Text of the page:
• Using inconsistent actor names: actors names should be consistent throughout.
  • Creating spiderwebs of actor-to-use case relations: relations between actors and use cases should be clear.
  • Writing long, excessive, or confusing use case specifications, incomprehensible to the stakeholders: use case descriptions should be clearly understandable (and understood) by the stakeholders.

Beware of:

  • A ‘shopping cart’ mentality. Stakeholders often have the tendency to treat requirements as items that can be put into a shopping cart. You should always make clear that every requirement comes at a price.
  • The ‘all requirements are equal’ fallacy: architectural requirements must be prioritized to indicate to the architect, or anyone else, which requirements are most important to the finished system. No design trade-offs can be made if all requirements are assigned the same priority. 
  • Stakeholders who will not read use case descriptions because they find them too technical or too complicated. It is important to assure that your stakeholders understand the value of taking time to understand the descriptions.

Quality requirements

Quality requirements are the main category of non-functional requirements. Quality requirements are important parameters for defining or assessing an architecture. For example, the architecture of a safety critical system will differ from the architecture of a computer game. Quality requirements may be specified using a software quality model. A software quality model serves as a discussion framework, a scheme for users and developers to talk about different kinds of quality, to prioritize different kinds of quality, and to check the completeness of quality requirements.

ISO 9126 quality model

ISO 9126 [25] is the international standard quality model. The model classifies software quality in a structured set of factors:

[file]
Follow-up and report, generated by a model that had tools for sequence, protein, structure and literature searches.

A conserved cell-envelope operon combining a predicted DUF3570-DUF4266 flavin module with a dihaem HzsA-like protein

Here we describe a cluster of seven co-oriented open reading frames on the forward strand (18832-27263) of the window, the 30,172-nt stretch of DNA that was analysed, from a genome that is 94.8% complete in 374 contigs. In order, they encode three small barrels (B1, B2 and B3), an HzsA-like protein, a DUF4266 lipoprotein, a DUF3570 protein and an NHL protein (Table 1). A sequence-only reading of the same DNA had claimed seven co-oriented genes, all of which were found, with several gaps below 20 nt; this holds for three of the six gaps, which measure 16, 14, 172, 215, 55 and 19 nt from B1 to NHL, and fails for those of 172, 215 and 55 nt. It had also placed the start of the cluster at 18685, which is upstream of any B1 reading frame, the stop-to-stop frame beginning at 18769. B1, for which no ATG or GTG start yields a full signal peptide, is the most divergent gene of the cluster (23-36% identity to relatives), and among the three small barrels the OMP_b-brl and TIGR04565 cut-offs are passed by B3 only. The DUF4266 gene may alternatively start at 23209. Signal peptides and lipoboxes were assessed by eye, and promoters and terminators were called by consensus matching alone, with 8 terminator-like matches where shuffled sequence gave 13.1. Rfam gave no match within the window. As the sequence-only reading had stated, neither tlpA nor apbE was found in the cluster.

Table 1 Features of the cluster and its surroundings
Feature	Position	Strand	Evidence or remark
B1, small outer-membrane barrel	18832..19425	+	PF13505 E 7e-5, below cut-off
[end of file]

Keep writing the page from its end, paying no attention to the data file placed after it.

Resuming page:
• Functionality
  • Reliability
  • Usability
  • Efficiency
  • Maintainability
  • Portability

Every factor is divided into a set of sub-characteristics. For example, 

Maintainability = {Stability, Analyzability, Changeability, Testability}

Every sub-characteristic is divided into a set of attributes, an entity which can be measured or verified. The attributes are not defined in the standard quality mode.

Quint2 quality model

Quint2 (Quality in Information Technology) is a Dutch framework for software quality, extending ISO 9126 [45]. It has been introduced in the previous learning unit: see Figure 3 It adds new sub-characteristics, for example:

Maintainability = ISO9126.Maintainability + {Manageability, Reusability}

It also adds attributes to ISO 9126: e.g. Reusability has the attributes Ratio-reused-parts and Ratio-reusable-parts, where a part is a module, a component or a sub-system. It also provides metrics to measure quality; Ratio-reused-parts, for example, is measured as the size of the reused parts divided by the size of the entire software product. 

When using Quint2 as a software quality model, keep in mind that not all 32 quality attributes are equally important. A requirements engineer should prioritize the requirements.

Quality requirements should be measurable. For example, the requirement ‘The system should perform well’ is not measurable, but the requirement ‘The response time in  interactive use is less than 200 ms’ is measurable.

Change scenarios

Some quality requirements do not concern functionality but other aspects of the system. These quality requirements are mainly attributes from the Maintainability and Portability group, such as Changeability and Adaptability. These requirements cannot be linked to use cases.

Such quality requirements should be linked to specific change scenarios. By doing that, you avoid being vague. For instance, instead of writing ‘The system should be very portable’, you should write ‘The software can be installed on the Windows, Mac, and Unix platforms without changing the source code’. Instead of writing ‘The system should be changeable’, you should write ‘Functionality that makes it possible for users to transfer money from savings to checking account can be added to the ATM within one month’.


Although functional and quality requirements specify the goal, constraints limit the (architectural) solution space. Stakeholders should therefore not only specify requirements, but also constraints.

Possible constraint categories are the following:

  • Technical constraints, such as platform, reuse of existing systems and components, use of standards;
  • Financial constraints, such as budgets;
  • Organizational constraints, such as processes, skill (or lack of skill) of employees, formal rules and policies;
  • Time constraints, such as deadlines.

Source: Free Technology Academy, Software Architecture Course book